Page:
Editors' ChoiceImmunology

Rethinking myelin-reactive T cells in multiple sclerosis

Sci. Signal.  19 May 2015:
Vol. 8, Issue 377, pp. ec131
DOI: 10.1126/scisignal.aac5785

In patients with multiple sclerosis (MS), the ability of nerves to carry messages is disrupted because of damage to their insulating cover—the myelin sheath. This damage is thought to be caused by the body’s own immune cells; however, myelin-reactive immune cells are found in comparable numbers in MS patients and healthy controls. Cao et al. report that myelin-reactive T cells from MS patients are functionally different than those from healthy controls; cells from MS patients are more proinflammatory, whereas cells from controls secrete more of the immunoregulatory cytokine interleukin-10. Furthermore, the myelin-reactive T cells from the MS patients exhibited a distinct pathogenic gene expression profile and share a similar transcriptomic profile to pathological T cells isolated from mice with experimental autoimmune encephalitis. These data suggest that functional differences in these cells may contribute to the development of disease.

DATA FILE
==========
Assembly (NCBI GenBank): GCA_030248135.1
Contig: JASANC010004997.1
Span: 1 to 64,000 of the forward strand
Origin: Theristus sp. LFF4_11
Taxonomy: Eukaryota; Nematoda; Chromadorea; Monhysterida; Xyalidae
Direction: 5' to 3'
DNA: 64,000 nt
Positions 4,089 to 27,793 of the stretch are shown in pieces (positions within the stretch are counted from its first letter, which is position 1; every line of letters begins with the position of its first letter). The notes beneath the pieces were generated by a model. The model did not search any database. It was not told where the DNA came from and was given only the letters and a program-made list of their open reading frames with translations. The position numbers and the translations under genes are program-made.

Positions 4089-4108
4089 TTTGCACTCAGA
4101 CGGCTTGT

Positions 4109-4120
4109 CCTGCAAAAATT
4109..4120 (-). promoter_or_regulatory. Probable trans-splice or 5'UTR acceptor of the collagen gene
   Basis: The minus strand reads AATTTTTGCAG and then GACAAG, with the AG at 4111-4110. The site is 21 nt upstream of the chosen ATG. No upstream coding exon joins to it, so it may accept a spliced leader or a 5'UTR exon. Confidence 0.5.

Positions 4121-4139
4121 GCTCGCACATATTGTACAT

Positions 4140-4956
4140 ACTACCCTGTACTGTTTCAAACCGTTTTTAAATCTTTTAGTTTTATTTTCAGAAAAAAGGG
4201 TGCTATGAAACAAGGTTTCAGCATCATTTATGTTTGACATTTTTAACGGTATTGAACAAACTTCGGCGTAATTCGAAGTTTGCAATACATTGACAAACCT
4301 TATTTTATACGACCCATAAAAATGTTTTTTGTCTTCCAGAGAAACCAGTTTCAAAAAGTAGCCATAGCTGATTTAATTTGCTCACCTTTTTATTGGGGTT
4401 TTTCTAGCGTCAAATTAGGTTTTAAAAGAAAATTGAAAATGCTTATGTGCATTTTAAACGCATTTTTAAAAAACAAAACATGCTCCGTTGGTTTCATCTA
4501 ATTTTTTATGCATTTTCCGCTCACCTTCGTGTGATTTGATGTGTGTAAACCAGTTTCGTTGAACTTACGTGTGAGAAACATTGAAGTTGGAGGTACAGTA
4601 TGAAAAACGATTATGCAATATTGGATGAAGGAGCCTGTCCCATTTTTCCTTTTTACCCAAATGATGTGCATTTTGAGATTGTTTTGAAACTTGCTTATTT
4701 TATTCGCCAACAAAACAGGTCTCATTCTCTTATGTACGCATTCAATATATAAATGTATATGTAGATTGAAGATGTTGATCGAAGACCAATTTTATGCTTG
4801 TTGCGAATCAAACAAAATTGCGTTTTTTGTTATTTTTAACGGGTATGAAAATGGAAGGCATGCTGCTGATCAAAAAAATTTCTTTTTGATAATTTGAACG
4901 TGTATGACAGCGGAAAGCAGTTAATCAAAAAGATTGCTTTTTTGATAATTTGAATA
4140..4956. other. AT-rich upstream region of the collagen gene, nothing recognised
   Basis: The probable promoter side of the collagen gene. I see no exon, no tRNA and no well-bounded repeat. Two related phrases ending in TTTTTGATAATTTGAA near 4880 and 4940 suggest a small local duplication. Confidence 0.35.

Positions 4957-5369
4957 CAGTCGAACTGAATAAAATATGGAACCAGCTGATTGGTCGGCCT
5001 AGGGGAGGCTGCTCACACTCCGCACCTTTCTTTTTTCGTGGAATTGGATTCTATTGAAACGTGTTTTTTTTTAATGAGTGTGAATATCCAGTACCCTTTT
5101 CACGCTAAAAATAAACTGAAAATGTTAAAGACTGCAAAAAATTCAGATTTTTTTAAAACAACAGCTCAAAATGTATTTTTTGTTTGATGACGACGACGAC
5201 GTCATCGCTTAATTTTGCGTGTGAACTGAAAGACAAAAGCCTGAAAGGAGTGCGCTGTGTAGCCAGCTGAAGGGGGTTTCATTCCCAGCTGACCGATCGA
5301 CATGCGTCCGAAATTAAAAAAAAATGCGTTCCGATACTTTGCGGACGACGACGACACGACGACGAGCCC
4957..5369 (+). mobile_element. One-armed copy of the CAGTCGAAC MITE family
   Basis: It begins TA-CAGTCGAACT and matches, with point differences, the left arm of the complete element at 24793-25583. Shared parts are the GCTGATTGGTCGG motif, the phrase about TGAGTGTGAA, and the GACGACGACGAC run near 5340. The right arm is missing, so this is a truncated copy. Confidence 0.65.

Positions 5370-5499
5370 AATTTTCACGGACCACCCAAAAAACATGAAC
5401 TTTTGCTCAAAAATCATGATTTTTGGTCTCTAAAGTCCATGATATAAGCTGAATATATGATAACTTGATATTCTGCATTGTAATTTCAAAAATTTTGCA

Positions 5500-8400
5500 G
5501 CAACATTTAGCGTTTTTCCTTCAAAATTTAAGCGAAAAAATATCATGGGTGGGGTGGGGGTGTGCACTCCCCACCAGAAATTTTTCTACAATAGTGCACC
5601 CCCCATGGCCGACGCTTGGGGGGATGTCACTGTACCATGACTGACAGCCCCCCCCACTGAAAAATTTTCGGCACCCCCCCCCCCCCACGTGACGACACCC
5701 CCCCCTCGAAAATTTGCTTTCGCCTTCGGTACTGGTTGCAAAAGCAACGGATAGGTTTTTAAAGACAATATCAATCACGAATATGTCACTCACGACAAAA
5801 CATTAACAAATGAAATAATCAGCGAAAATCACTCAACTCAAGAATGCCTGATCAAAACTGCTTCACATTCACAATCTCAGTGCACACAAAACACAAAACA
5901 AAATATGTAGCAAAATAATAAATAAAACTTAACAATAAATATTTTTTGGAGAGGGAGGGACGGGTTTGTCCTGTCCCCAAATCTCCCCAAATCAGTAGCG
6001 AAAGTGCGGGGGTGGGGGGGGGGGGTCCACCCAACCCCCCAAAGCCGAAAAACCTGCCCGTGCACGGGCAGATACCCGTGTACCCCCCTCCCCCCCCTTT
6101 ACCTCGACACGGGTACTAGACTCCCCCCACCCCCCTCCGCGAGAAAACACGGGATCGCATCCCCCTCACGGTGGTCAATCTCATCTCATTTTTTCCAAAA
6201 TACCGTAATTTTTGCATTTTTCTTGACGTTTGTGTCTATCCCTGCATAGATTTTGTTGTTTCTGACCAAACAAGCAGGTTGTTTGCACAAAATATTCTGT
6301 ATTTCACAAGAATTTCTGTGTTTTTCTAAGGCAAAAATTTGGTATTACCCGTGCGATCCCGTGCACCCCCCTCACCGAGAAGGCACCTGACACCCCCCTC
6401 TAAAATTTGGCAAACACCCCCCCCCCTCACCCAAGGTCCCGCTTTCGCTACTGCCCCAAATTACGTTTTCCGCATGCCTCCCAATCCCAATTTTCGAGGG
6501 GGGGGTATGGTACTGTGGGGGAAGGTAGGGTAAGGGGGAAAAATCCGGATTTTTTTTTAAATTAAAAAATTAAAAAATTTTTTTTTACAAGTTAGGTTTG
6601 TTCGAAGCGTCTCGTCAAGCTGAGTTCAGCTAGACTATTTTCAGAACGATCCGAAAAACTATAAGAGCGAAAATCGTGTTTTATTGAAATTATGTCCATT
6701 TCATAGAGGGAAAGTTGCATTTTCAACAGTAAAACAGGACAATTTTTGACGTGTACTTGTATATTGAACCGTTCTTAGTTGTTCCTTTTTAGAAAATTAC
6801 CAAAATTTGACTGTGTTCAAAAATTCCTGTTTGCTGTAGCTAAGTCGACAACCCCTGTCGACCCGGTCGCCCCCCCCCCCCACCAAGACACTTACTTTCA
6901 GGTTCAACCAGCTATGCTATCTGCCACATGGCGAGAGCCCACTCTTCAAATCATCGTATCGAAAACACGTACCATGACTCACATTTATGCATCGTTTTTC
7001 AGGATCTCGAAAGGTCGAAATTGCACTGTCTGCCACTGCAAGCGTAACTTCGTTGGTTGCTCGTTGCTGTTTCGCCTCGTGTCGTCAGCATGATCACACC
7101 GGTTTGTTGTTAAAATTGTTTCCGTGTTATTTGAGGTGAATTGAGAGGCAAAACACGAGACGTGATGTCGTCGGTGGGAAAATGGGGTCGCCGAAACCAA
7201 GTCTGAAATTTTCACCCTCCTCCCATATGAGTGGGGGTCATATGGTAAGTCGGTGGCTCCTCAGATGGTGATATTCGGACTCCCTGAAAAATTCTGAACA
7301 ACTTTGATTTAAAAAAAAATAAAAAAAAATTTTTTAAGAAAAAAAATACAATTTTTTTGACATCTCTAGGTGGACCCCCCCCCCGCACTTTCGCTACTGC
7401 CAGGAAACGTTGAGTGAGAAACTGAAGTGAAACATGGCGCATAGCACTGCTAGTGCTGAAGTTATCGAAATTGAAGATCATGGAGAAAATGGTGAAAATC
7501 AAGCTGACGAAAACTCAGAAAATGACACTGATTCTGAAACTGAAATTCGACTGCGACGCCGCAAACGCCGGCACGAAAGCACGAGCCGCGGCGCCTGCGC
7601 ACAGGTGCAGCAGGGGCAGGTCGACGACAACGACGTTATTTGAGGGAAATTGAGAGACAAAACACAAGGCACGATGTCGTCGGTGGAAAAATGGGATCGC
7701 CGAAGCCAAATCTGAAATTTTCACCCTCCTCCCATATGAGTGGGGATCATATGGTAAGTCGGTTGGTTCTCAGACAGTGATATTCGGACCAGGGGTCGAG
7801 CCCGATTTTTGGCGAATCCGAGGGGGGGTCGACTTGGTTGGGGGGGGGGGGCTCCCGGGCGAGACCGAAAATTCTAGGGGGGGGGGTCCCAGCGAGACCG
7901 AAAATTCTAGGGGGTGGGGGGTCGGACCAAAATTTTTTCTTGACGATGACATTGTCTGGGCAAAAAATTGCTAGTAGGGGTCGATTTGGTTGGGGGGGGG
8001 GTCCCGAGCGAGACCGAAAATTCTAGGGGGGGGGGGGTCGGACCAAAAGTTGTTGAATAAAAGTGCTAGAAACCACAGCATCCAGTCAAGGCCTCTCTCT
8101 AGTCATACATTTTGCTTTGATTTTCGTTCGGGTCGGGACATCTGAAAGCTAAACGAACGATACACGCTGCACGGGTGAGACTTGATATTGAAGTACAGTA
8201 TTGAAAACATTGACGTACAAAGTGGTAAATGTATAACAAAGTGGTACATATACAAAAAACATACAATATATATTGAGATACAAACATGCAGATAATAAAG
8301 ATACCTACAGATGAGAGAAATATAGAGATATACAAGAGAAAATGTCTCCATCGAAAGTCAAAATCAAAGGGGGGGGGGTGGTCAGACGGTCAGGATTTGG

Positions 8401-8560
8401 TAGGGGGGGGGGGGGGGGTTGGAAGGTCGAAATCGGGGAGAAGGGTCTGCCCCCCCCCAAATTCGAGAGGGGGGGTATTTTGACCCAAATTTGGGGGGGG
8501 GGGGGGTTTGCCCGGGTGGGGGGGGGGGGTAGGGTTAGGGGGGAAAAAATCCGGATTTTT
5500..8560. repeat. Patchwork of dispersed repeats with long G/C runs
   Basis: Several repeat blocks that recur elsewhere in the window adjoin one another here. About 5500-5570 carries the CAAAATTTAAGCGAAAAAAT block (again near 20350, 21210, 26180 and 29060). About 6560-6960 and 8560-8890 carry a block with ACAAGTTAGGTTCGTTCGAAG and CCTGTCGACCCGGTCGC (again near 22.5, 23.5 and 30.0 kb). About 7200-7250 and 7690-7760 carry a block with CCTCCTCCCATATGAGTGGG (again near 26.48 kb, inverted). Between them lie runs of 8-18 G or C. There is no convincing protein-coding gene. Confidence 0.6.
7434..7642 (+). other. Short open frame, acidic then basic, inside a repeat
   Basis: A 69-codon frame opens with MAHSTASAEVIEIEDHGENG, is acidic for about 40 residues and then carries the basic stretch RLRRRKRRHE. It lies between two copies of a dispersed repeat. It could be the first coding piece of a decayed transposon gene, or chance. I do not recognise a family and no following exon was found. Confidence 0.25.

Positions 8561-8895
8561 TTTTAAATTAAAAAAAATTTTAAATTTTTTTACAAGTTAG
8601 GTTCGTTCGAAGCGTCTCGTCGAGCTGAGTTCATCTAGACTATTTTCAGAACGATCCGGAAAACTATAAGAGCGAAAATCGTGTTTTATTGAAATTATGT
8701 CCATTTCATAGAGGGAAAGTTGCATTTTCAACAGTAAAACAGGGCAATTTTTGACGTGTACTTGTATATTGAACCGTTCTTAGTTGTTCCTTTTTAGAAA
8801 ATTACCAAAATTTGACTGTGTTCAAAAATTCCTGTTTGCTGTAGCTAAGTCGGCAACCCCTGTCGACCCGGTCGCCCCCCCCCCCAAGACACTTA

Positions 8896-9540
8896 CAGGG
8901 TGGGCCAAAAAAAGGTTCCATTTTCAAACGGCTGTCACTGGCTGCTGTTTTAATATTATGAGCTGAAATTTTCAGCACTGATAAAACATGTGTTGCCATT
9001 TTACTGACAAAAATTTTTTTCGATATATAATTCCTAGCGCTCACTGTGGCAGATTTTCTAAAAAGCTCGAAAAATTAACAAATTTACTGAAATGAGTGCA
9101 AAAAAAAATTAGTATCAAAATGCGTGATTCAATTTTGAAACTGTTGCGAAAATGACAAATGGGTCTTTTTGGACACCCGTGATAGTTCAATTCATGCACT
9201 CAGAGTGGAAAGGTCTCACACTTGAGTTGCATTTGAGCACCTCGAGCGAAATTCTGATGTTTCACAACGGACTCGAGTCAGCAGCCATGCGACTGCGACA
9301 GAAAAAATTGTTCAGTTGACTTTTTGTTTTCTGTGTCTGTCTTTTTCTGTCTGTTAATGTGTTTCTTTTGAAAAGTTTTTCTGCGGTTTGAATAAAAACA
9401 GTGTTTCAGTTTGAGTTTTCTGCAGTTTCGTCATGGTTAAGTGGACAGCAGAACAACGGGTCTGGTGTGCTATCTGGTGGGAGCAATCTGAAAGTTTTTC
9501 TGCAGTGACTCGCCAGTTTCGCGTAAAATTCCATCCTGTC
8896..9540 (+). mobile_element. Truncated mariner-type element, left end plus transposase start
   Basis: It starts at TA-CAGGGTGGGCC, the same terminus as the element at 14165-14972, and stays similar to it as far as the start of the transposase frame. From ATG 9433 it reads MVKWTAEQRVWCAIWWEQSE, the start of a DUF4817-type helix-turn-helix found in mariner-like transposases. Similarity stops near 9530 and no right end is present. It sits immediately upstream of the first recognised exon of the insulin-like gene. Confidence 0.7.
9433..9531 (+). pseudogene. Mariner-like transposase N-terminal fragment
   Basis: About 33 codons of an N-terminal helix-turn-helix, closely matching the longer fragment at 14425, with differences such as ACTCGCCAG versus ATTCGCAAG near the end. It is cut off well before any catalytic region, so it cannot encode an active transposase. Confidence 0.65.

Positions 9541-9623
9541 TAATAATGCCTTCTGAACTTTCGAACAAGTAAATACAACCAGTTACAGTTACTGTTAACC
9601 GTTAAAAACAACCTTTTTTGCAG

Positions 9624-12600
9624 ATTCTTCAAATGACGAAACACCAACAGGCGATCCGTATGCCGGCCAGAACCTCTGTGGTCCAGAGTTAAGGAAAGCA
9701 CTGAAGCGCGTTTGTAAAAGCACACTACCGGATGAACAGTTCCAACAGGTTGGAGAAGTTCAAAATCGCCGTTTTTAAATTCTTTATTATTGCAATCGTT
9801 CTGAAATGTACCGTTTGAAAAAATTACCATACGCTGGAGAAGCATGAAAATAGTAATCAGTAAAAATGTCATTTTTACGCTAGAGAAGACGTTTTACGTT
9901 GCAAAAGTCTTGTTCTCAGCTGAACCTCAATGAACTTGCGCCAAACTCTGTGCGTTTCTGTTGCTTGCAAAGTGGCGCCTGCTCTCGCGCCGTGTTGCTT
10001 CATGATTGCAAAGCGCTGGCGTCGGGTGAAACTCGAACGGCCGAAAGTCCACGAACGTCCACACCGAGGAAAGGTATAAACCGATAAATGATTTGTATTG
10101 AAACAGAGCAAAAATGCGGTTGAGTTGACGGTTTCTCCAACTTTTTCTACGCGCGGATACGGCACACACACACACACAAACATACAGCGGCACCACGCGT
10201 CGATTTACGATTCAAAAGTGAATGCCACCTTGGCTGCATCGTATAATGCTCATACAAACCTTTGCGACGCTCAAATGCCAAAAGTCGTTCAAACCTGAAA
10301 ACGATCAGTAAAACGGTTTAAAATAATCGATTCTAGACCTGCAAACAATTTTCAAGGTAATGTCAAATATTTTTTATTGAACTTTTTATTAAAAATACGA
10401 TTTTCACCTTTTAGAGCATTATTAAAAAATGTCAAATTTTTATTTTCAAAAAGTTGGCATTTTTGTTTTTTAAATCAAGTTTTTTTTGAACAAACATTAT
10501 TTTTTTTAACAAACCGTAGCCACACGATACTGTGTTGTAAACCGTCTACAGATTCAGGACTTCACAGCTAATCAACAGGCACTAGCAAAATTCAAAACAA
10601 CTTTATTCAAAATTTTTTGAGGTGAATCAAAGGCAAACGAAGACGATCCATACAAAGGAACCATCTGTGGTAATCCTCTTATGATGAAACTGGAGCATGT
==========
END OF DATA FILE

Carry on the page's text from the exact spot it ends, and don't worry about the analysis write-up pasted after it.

Y. Cao, B. A. Goods, K. Raddassi, G. T. Nepom, W. W. Kwok, J. C. Love, D. A. Hafler, Functional inflammatory profiles distinguish myelin-reactive T cells from patients with multiple sclerosis. Sci. Transl. Med. 7, 287ra74 (2015). [Abstract]

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